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LPGA Notebook : Best Golfer Advice: Don't Talk--Watch

February 28, 1986|MICHAEL JAMES | Times Staff Writer

Some of the pros know how to get the answers without asking the questions.

The LPGA doesn't allow players to give advice to each other during tournaments. No hints on shot selection or where to line up a putt are allowed. Any player asking another for advice better get a good enough response to offset the two-shot penalty that will go along with it.

At the Uniden LPGA Invitational this week at Mesa Verde Country Club in Costa Mesa, many of the 144 players sidestep the no-advice rule, particularly on the par-3 holes where club selection can make the difference between putting for a birdie and struggling for a par from the sand.

When the first player hits her tee shot to the green, players waiting to hit often meander over to her bag to see which club is missing. No words are exchanged, but they have their answer.

Sometimes the technique backfires. It did a couple of times Thursday on the par-3 18th hole, a 175-yard shot over water that can vary several clubs depending on pin placement and the wind.

Rosie Jones, playing with Pat Bradley, watched as Bradley hit to the front of the green. When she looked in Bradley's bag and saw the 4-iron missing, she put hers back and took out a 3-iron. She then hit about 20 feet past the hole and was faced with a tricky downhill putt. No harm, though. Both players parred. (Bradley finished at even-par 72; Jones at 75.)

Not everyone bothers to check what their competitors are playing.

"I don't hit the ball as far as I used to, so it doesn't really help me too much to know what they're hitting," said Dale Eggeling, who finished at 70.

"I don't hawk the bag anymore. I think you're better off just going with your first gut feeling."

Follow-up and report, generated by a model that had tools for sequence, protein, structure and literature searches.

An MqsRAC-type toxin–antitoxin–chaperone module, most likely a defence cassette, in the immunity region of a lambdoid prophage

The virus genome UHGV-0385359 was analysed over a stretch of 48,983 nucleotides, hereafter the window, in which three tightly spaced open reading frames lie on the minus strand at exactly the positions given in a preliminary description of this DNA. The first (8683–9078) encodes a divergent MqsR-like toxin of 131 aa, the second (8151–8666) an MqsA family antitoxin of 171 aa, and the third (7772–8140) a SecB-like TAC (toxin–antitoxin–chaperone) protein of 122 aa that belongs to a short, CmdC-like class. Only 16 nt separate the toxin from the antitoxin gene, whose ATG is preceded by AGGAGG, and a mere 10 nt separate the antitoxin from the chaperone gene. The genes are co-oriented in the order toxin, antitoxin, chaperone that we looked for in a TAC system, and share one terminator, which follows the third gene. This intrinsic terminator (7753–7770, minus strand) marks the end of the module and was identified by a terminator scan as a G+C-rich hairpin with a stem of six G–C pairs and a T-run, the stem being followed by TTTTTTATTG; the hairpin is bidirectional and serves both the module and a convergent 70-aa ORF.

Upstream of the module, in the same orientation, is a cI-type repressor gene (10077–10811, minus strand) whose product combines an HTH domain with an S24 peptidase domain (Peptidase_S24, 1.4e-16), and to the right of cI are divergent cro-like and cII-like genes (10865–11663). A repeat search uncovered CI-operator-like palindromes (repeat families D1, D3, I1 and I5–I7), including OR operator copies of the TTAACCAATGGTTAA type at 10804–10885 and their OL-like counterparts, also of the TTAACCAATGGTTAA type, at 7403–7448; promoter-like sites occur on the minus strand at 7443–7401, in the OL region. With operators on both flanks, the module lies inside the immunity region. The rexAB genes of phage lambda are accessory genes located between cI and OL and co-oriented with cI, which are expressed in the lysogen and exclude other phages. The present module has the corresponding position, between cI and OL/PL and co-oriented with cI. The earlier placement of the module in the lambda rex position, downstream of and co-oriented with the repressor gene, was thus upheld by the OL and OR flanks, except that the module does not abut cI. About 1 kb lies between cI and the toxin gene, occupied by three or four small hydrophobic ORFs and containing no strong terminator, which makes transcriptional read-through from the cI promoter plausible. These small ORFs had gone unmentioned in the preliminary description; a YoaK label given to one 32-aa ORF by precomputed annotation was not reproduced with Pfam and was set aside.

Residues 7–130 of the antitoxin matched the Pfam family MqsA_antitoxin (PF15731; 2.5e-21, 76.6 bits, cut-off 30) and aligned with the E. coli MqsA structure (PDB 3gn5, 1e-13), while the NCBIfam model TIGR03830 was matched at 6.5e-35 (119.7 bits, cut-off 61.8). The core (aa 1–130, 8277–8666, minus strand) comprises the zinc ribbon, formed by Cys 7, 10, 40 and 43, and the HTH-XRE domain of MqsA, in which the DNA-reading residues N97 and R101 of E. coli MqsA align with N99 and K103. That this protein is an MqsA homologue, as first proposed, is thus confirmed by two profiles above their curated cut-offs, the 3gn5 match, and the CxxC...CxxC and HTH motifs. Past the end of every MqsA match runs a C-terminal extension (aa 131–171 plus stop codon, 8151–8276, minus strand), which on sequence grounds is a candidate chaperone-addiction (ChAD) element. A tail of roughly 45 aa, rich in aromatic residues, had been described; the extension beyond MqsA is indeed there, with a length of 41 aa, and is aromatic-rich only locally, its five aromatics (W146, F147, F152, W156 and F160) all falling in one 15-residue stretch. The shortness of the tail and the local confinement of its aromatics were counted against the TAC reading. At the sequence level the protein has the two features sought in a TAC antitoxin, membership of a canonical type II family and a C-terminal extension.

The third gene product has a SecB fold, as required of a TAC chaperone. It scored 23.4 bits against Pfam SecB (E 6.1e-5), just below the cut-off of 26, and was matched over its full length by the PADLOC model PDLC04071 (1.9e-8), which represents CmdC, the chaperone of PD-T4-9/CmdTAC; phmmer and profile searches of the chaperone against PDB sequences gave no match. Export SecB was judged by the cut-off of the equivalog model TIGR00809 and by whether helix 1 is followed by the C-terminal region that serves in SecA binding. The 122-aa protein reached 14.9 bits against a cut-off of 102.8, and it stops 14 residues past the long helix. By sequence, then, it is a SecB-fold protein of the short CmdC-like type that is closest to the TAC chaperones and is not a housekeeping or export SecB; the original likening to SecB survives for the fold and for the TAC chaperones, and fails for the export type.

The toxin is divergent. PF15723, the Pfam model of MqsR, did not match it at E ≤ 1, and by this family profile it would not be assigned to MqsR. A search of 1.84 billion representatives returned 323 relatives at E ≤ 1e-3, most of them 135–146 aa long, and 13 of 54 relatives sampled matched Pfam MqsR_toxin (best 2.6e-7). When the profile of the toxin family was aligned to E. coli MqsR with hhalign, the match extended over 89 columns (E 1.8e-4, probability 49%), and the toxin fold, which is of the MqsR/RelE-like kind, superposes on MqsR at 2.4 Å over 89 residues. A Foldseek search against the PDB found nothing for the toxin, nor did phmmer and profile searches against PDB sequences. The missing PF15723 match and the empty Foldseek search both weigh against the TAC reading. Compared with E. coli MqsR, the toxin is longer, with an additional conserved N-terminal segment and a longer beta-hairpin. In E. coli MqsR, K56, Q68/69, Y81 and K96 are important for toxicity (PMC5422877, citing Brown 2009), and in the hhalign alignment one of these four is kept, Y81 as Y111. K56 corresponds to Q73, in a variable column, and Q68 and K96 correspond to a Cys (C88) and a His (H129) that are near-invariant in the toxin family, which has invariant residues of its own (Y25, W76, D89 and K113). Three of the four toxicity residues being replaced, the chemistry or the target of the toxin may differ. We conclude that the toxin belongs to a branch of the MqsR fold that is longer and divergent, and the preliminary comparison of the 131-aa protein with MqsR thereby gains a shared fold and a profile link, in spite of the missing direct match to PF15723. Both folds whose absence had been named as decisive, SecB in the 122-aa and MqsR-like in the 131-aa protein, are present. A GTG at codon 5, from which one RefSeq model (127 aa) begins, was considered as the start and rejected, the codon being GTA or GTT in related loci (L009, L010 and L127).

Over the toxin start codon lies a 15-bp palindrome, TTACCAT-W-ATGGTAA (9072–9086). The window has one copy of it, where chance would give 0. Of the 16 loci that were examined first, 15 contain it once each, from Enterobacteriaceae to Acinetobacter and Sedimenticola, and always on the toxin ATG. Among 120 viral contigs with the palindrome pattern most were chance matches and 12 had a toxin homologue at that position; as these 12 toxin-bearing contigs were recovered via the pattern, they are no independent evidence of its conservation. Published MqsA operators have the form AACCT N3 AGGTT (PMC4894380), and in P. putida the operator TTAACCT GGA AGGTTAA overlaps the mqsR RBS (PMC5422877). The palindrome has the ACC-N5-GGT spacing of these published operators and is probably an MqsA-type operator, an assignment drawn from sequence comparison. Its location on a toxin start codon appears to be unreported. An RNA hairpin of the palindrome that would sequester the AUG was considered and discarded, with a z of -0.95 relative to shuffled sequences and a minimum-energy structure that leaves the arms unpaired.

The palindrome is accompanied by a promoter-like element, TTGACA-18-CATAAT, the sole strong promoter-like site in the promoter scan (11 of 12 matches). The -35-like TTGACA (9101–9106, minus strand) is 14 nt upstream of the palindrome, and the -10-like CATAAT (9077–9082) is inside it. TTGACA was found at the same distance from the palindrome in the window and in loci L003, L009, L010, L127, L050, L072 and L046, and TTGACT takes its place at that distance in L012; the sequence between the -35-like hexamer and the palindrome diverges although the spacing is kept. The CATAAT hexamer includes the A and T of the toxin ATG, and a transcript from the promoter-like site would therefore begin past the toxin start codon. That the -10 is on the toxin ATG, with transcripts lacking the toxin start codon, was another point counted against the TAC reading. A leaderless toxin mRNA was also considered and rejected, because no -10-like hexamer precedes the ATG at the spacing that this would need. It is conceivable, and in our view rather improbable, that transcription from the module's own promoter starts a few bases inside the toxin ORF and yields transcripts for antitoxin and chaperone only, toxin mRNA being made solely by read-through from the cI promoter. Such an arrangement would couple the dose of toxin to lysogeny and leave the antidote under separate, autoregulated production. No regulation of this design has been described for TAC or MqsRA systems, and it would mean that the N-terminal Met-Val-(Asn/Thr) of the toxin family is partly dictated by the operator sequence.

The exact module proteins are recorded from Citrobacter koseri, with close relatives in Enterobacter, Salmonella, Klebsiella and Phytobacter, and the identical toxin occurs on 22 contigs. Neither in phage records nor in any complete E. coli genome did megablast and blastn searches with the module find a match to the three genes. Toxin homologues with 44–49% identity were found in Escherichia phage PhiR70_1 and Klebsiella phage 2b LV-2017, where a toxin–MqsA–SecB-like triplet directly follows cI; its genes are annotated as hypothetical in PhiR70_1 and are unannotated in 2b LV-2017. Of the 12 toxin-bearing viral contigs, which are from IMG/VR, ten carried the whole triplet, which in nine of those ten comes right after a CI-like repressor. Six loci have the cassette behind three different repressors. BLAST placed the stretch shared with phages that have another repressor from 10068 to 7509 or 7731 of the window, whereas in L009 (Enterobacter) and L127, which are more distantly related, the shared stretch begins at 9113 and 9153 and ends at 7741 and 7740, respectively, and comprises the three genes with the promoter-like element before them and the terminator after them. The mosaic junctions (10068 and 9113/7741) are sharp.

Eggeling was playing with a broken right ring finger that she suffered when her hands were caught in the reins while she led one of two horses she owns over a jump. She discovered the break before last week's tournament in Phoenix but rejected a physician's suggestion that she put the finger in a splint.

"I want to play," she said. "I try to block (the pain) out, and the finger's wrapped to absorb some of the shock."

Eggeling missed the cut in Phoenix with scores of 79-76.

"It'll take time to heal," she said. "And it hurts more on bad shots, especially if I hit it thin."

Defending champion Bonnie Lauer, who often has trouble in opening rounds, had real difficulty Thursday and will need to regroup in a hurry to make the cut. She shot an 80.

Pearl Sinn of Los Angeles, the first amateur to qualify for the Uniden in its three years, shot a one-over-par 73 in the first round. She had some problems with the par-3 holes, bogeying three of five.

The concession stands have plenty of food for those with a few extra pennies in their pockets. Hamburgers are $3, hot dogs $2, sodas $1.25 and candy bars $1.

John D. Laupheimer, commissioner of the LPGA since 1982, has received a five-year extension on his contract, which will run through 1991.

THE TOUGHEST HOLE

Eagles 1 Birdies 12 Pars 28 Bogeys 56 Doubles 3 Others 2 Ave. 4.32

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